By Bob Schildgen

The nuclear industry proponent, Doomberg, recently produced a defense of nuclear power,
focusing on a plant in western Michigan that was closed after 50 years of operation. It claims
the plant generated the equivalent of 35% of all solar activity produced across the entirety
of the U.S. over the same period. Well, of course it would have outproduced solar simply
because during most of that 50-year period very little solar energy was installed. (Some
elders may remember that in 1986 Ronald Reagan had solar panels removed from the
White House roof in Reagan’s sickening gesture of indifference to any energy except
from oil.) This is not the only questionable assertion by this anti- solar advocate. It also
claimed that it would take 45 square miles to produce the annual amount of electricity
generated by the Michigan nuclear plant, which required only 422 acres, or just two-thirds
of a square mile. However, this assertion ignores the fact that solar can make much
more efficient use of space by simple steps such as stacking panels. The Massachusetts
Institute of Technology has devised stacked panels that can produce 2 to 20 times the
energy of basic flat panels in the same space. Moreover, if the U.S. would cut its energy
use to saner levels of nations like Great Britain or Italy, the area needed would shrink to
about 15 square miles.

One of the great failures of most energy advocates is to neglect of the cheapest and most
basic energy- saving truth: use less! This enemy of solar goes on to complain that another
reason to reject solar is that China is a major manufacture of solar components, and uses
“forced labor” to keep its grip on the industry. Of course, this may be true of much Chinese
manufacturing besides solar, but surely one way to leverage change is to continue to trade
while making demands for fairer treatment of Chinese labor. The document also brings up
the fact that solar panels are subject to weather disturbances, claiming that nuclear reactors
are built to easily handle the worst of what Mother Nature can throw at them. I do suspect
this might sound like a rather feeble argument to those victimized by nuclear accidents,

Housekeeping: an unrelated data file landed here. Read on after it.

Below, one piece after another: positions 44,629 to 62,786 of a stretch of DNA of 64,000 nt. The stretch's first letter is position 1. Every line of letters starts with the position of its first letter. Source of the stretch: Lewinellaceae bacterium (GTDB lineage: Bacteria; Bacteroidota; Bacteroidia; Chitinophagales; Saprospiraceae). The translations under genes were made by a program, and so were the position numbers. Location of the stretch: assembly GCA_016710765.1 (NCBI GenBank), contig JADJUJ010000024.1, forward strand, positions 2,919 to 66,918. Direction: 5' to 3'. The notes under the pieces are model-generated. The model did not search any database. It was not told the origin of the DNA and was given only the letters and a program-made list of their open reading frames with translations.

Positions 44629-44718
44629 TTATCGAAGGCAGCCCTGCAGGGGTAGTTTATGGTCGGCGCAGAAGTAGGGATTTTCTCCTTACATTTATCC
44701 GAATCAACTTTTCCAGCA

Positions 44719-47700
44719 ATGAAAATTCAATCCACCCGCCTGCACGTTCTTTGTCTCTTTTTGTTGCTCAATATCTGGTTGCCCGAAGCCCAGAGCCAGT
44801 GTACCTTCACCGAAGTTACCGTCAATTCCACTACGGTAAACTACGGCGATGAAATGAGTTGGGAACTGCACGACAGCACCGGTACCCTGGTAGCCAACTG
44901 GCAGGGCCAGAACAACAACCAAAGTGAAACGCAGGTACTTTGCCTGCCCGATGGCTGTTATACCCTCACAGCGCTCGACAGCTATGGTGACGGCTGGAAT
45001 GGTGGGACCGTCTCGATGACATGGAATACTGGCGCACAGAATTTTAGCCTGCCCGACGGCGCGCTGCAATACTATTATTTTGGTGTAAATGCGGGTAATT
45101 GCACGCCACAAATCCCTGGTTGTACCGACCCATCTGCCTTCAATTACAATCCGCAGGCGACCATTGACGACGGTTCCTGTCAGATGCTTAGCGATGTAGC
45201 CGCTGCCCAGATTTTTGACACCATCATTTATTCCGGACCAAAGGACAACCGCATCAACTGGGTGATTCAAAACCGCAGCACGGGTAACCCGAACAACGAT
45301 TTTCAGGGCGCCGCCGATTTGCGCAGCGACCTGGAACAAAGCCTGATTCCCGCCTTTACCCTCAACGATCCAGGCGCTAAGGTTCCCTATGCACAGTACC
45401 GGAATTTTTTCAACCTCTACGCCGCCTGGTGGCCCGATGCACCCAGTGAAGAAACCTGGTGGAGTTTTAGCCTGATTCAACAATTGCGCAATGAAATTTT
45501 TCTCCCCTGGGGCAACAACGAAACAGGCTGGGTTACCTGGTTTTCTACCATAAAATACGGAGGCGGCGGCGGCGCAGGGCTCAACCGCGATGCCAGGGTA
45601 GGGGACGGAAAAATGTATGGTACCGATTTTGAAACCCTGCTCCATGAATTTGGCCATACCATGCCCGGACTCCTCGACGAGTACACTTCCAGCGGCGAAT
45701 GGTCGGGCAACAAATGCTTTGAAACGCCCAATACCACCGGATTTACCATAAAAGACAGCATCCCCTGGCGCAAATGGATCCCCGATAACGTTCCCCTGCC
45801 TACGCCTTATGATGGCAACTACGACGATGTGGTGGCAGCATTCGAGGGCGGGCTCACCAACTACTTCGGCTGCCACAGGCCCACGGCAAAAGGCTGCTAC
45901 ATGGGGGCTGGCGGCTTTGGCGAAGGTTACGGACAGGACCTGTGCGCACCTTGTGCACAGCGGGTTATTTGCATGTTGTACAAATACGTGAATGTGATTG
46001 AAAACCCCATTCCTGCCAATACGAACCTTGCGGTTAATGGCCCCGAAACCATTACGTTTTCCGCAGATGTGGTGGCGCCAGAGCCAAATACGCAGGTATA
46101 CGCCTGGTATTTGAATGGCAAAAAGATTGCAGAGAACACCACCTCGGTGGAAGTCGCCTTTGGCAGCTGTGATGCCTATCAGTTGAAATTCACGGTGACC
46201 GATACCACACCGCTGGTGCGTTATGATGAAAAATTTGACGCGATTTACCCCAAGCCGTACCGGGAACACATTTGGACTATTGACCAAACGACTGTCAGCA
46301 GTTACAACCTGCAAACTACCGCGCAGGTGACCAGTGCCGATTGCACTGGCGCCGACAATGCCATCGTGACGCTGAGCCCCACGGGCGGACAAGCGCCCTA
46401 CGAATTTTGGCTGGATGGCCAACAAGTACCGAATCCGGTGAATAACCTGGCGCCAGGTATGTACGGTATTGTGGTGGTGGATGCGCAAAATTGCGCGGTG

like the one at Fukushima in Japan, which killed more than 2,000 Japanese.

The document goes on to claim that solar installations can suffer damage from weather
conditions. But this is only relevant if the cost of the damage outweighs the savings realized
from solar generation. There is no evidence that this is the case, and to make any sense, the
cost of repairing damage to solar would have to be compared to the core of repairing
damage to nuclear facilities. The document goes on to emphasize the fact that France
derives a large share of its electrical power from nuclear plants. Absolutely true, but the
fact is that France had actually decided to cut its nuclear power sources back to 50% of the
total supply. That decision was reversed only after Russia radically cut its energy exports
to Europe because of Europe’s opposition to Russia’s invasion of Ukraine. The
Doomberg article also states that a $1.5 billion loan will be necessary to put the old Michigan

plant back into operation.
Finally, article does not compare this cost to the cost of other power sources, whether solar,
wind, or geothermal. Considering the previous underestimates of cost in the power
industry, both nuclear and conventional, it seems sensible to be skeptical of this number.
The nuclear advocates and anti-solar folks will have to present much stronger arguments
than this to convince the public to return to the nuclear option. And they will also have to
include wind power and other sources to make a meaningful comparison.